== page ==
Example code snippet:

given ($name) {
  when (/Ellis/i) { print "An Ellis ... "; continue; }
  when ("Graham") { say "exactly Graham"; }
  when (/Graham/) { say "contains Graham"; }
  when (/Graham/i) { say "contains Graham but case is wrong"; }
  default {say "no Graham";}
}


Illustration - Delegates on a recent private Perl course

(written 2010-06-17, updated 2010-06-20)

 
Associated topics are indexed as below, or enter http://melksh.am/nnnn for individual articles
P206 - Perl - More Loops and Conditionals
  [3914] While, for, foreach or something else to loop. - (2012-11-06)
  [3619] Ruby v Perl - a comparison example - (2012-02-21)
  [3398] Perl - making best use of the flexibility, but also using good coding standards - (2011-08-19)
  [3200] How a for loop works Java, Perl and other languages - (2011-03-12)
  [2972] Some more advanced Perl examples from a recent course - (2010-09-27)
  [2967] Multiway branches in Perl - the given and when syntax - (2010-09-22)
  [2892] Alternative loops and conditionals in Ruby and Perl - (2010-07-28)
  [2832] Are you learning Perl? Some more examples for you! - (2010-06-27)
  [2824] A pint of Black Rat, and a lazy barman - (2010-06-25)
  [2817] Setting a safety net or fallback value in Perl - (2010-06-19)
  [2711] For loop - checked once, or evety time? Ruby v Perl comparison and contrast - (2010-04-07)
  [1825] Question Mark - Colon operator (Perl and PHP) - (2008-10-08)
  [1696] Saying NOT in Perl, PHP, Python, Lua ... - (2008-07-04)
  [1582] Ruby, C, Java and more - getting out of loops - (2008-03-19)
  [1220] for loop - how it works (Perl, PHP, Java, C, etc) - (2007-06-06)
  [1191] Smart English Output - via PHP and Perl ? : operator - (2007-05-18)
  [962] Breaking a loop - Ruby and other languages - (2006-12-03)
  [657] The ternary operator in Python - (2006-03-25)
  [299] What - no switch or case statement? - (2005-05-03)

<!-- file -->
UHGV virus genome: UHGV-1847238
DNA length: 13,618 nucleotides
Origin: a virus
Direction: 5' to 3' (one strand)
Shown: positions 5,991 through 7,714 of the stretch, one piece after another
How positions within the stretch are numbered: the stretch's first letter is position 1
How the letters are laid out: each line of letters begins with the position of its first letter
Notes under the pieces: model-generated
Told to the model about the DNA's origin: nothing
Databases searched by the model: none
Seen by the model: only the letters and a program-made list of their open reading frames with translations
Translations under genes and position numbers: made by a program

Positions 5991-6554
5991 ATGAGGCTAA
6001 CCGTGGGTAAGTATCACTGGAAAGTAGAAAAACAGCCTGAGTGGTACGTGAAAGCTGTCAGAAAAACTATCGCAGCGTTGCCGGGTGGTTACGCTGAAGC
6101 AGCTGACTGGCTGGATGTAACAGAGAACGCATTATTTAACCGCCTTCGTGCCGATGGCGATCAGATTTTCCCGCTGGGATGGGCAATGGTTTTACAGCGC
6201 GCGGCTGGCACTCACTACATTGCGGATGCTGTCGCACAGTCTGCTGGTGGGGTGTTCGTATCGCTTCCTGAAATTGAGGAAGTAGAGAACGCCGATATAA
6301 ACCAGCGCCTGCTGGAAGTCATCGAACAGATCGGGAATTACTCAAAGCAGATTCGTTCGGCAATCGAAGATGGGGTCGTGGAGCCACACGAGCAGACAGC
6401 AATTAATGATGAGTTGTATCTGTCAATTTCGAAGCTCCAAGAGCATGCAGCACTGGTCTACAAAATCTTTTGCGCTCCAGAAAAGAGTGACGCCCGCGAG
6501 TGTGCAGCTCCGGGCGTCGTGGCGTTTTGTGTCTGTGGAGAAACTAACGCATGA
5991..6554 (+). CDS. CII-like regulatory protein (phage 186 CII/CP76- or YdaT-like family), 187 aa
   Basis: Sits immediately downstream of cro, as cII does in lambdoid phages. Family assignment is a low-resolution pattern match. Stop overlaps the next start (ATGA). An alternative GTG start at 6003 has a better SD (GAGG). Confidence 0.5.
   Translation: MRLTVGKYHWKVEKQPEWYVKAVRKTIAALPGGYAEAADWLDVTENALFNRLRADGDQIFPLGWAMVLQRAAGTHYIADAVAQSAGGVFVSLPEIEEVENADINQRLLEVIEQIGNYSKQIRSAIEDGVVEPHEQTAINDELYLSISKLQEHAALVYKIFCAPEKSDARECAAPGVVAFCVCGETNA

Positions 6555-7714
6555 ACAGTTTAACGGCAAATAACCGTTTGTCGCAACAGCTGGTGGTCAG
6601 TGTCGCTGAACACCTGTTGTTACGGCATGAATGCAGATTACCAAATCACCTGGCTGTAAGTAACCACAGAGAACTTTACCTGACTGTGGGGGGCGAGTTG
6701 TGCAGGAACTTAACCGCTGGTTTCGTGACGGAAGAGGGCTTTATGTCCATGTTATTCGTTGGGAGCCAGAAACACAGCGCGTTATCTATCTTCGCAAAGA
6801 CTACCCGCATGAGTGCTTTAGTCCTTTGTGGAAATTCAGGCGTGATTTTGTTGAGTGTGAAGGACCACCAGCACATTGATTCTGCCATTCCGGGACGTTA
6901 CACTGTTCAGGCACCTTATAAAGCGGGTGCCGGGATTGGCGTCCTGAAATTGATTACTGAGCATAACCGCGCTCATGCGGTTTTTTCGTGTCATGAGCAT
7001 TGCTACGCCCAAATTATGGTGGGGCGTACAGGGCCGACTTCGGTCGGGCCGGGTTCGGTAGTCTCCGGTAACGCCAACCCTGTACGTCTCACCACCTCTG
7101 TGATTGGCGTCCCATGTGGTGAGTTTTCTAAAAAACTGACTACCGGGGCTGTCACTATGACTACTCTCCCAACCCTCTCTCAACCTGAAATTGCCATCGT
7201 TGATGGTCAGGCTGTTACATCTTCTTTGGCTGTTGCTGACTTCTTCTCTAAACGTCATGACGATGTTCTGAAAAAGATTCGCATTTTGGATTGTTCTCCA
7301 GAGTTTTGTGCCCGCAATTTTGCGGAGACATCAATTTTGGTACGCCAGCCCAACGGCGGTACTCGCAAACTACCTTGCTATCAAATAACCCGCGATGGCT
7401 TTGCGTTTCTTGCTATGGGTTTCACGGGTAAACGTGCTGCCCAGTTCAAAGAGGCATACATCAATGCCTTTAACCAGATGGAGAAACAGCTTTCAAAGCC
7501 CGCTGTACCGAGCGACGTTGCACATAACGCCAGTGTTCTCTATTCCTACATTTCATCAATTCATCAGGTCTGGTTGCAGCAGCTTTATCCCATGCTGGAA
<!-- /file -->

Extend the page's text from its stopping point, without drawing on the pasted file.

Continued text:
[138] Perl - redo and last without a loop - (2004-12-02)

P256 - Perl 6 Look Ahead
  [3077] Perl 6 - significantly nearer, and Rakudo looks very good - (2010-12-02)
  [2816] Intelligent Matching in Perl - (2010-06-18)
  [2559] Moving the product forward - ours, and MySQL, Perl, PHP and Python too - (2010-01-01)
  [1721] Perl 6 - When will we have a production release? - (2008-07-26)
  [1417] What software version do we teach? - (2007-10-31)
  [1215] An update on Perl - where is it going? - (2007-06-03)
  [995] Ruby's case - no break - (2006-12-17)
  [582] DWIM and AWWO - (2006-01-30)
  [550] 2006 - Making business a pleasure - (2006-01-01)
  [113] A Parallel for Perl 6 - (2004-11-09)
  [89] When will Perl 6 be available - (2004-10-15)


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This is a page archived from The Horse's Mouth at http://www.wellho.net/horse/ - the diary and writings of Graham Ellis. Every attempt was made to provide current information at the time the page was written, but things do move forward in our business - new software releases, price changes, new techniques. Please check back via our main site for current courses, prices, versions, etc - any mention of a price in "The Horse's Mouth" cannot be taken as an offer to supply at that price.